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New York Court Discusses Necessity of Proving Serious Injury Pursuant to Insurance Law 5102


When a person decides that they want to file a personal injury lawsuit in New York, they are required to submit proof to the courts that their injury is a severe injury as defined by the requirements of Insurance Law § 5102. That means that they must also show that they meet the requirements of Insurance Law § 5104 as it regards non-economic loss. When the elements of the injury are not in compliance with these codes, then the person will not be allowed to file the suit. A lawsuit in New York, alleging a personal injury may not be filed if the injury is merely an inconvenience. In order for an injury to be determined severe it must render that person unable to work for a substantial amount of time and/or prevent that person from continuing to work in their chosen career field.

The injuries that are defined as serious injuries are spelled out in the law. They are defined as injuries that deprive a person of the use of a limb, or actually results in the amputation of a limb. Some spinal injuries and brain injuries may also qualify as severe. In order for the spine injury or brain injury to be categorized as serious, it must be so pervasive of an injury as to render the person unable to function on a daily basis as they were accustomed to performing. The ability to continue participating in daily activities that they were able to participate in prior to the injury would mean that the injury will not be considered a severe injury under the law.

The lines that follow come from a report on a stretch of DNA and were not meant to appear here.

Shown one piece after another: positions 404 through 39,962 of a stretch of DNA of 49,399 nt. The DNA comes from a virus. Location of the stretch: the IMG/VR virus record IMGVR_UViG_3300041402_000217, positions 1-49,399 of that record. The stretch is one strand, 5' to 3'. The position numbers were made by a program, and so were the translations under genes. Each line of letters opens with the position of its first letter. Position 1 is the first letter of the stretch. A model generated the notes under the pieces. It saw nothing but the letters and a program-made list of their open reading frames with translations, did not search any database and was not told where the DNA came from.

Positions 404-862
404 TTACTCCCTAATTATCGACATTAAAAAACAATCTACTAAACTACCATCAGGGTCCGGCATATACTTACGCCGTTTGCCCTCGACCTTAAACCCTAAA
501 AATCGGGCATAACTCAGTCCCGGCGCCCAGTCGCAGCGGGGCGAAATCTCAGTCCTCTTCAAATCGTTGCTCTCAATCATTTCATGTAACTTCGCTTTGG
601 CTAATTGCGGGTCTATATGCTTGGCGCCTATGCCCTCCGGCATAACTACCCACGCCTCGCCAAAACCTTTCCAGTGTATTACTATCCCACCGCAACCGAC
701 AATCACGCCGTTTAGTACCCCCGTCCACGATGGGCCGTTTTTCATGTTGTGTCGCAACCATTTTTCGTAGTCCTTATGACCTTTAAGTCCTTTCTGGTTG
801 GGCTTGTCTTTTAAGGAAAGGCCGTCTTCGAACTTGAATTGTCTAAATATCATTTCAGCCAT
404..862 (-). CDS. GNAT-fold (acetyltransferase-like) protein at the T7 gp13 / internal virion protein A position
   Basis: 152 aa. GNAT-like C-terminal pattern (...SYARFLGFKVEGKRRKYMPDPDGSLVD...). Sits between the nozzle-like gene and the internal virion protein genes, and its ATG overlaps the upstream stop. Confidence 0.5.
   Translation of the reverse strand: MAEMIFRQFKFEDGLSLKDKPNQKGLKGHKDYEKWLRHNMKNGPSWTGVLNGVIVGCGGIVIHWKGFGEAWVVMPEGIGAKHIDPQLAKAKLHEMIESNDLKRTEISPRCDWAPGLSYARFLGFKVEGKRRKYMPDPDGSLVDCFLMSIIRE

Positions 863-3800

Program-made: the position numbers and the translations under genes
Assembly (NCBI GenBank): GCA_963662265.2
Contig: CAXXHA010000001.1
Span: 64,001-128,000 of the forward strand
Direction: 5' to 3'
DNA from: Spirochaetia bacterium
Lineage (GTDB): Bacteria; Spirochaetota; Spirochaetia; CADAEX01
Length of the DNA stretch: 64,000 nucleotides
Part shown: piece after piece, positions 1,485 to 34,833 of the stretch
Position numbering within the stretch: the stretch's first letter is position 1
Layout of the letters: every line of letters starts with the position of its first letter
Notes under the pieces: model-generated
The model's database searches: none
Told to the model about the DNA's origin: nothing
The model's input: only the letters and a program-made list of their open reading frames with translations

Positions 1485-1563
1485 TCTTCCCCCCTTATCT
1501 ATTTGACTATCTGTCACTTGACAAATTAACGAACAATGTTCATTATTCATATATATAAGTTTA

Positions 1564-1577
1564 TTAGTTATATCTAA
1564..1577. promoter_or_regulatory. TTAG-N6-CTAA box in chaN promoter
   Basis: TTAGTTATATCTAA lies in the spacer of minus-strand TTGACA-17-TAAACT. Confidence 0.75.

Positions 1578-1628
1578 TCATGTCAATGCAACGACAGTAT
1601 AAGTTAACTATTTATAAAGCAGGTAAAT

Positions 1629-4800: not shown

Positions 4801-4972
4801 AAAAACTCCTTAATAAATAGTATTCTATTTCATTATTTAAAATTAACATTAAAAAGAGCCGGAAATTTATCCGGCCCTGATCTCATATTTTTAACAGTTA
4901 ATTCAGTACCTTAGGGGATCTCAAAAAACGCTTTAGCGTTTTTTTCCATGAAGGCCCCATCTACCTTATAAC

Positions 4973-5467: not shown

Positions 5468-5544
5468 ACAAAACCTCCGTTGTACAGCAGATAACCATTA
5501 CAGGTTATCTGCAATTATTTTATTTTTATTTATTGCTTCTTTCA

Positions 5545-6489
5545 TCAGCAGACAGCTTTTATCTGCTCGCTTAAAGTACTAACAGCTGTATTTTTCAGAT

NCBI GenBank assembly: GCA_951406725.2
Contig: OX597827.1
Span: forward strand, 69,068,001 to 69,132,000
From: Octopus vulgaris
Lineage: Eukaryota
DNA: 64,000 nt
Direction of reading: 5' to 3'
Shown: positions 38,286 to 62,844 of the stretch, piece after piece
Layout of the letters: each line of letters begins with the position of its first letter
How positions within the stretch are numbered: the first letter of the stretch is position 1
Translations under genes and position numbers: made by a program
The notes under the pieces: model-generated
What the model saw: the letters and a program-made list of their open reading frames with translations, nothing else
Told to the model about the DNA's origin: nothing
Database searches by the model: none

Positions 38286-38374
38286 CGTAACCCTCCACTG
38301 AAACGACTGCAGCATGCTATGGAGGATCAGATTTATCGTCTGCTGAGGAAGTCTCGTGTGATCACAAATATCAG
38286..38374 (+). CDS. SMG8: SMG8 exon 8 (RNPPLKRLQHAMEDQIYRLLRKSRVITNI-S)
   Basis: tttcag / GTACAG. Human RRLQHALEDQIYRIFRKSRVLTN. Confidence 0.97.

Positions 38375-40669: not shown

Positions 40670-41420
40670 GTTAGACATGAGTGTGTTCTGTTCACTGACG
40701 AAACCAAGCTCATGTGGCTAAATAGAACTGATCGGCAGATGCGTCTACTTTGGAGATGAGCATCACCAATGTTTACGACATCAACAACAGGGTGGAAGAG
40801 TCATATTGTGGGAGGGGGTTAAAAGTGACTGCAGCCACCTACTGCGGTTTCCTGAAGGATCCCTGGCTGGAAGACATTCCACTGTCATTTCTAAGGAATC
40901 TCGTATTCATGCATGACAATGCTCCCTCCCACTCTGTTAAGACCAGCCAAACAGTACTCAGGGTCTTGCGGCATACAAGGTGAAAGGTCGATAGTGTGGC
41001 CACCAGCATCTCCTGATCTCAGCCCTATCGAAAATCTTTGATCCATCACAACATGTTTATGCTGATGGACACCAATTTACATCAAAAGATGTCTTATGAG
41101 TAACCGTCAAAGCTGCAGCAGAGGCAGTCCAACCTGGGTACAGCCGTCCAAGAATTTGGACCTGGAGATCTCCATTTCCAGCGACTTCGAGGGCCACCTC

In October of 2009, a woman was involved in a traffic accident at the intersection of Bellmore Avenue and Sunrise Highway. The accident occurred in Nassau County in the State of New York. At the time of the accident, the police determined that the vehicle that hit hers was at fault in the accident. At the accident scene, the woman left her car, walked around the scene, and was able to drive her vehicle to work after the accident. She later went home and stayed out of work for one day. She started to see a chiropractor following the accident because she claimed that she was having headaches and pain from personal injury that she incurred as a result of the accident. She was x-rayed by the chiropractor and went to see him two to three times a week for several months into the winter of 2010.

In the winter of 2010, she started physical therapy. She attended physical therapy sessions two to three times a week until she stopped in the summer of 2010. At this point, she saw an orthopedic doctor several times in an attempt to get relief from her symptoms. Following 2010, she stopped receiving treatment for her injuries and continued on with her daily routines. In accordance with the laws of New York, although her x-ray report and follow-up doctor reports indicated that she had sustained a spinal injury that involved compression of her spinal column and several dislocations of vertebrae, she testified in court that she was only in bed from the injury for one day. She also testified that overall, she has only missed less than a week of work obtaining treatment for her injury. Because the statute requires that the injury be severe and pervasive enough to prevent the patient from performing daily activities that she did before the injury, the woman has effectively ended her own lawsuit by stating that she was only inconvenienced one week because of her injuries. The court in review of this testimony determined that the woman did not suffer a severe injury as defined by the law. Her case was dismissed.

At Stephen Bilkis & Associates with its car accident Lawyers, have convenient offices throughout New York and Metropolitan area. Our spinal injury lawyers can provide you with advice to guide you through difficult situations. Without a personal injury Lawyer, you could lose precious compensation to help your family.

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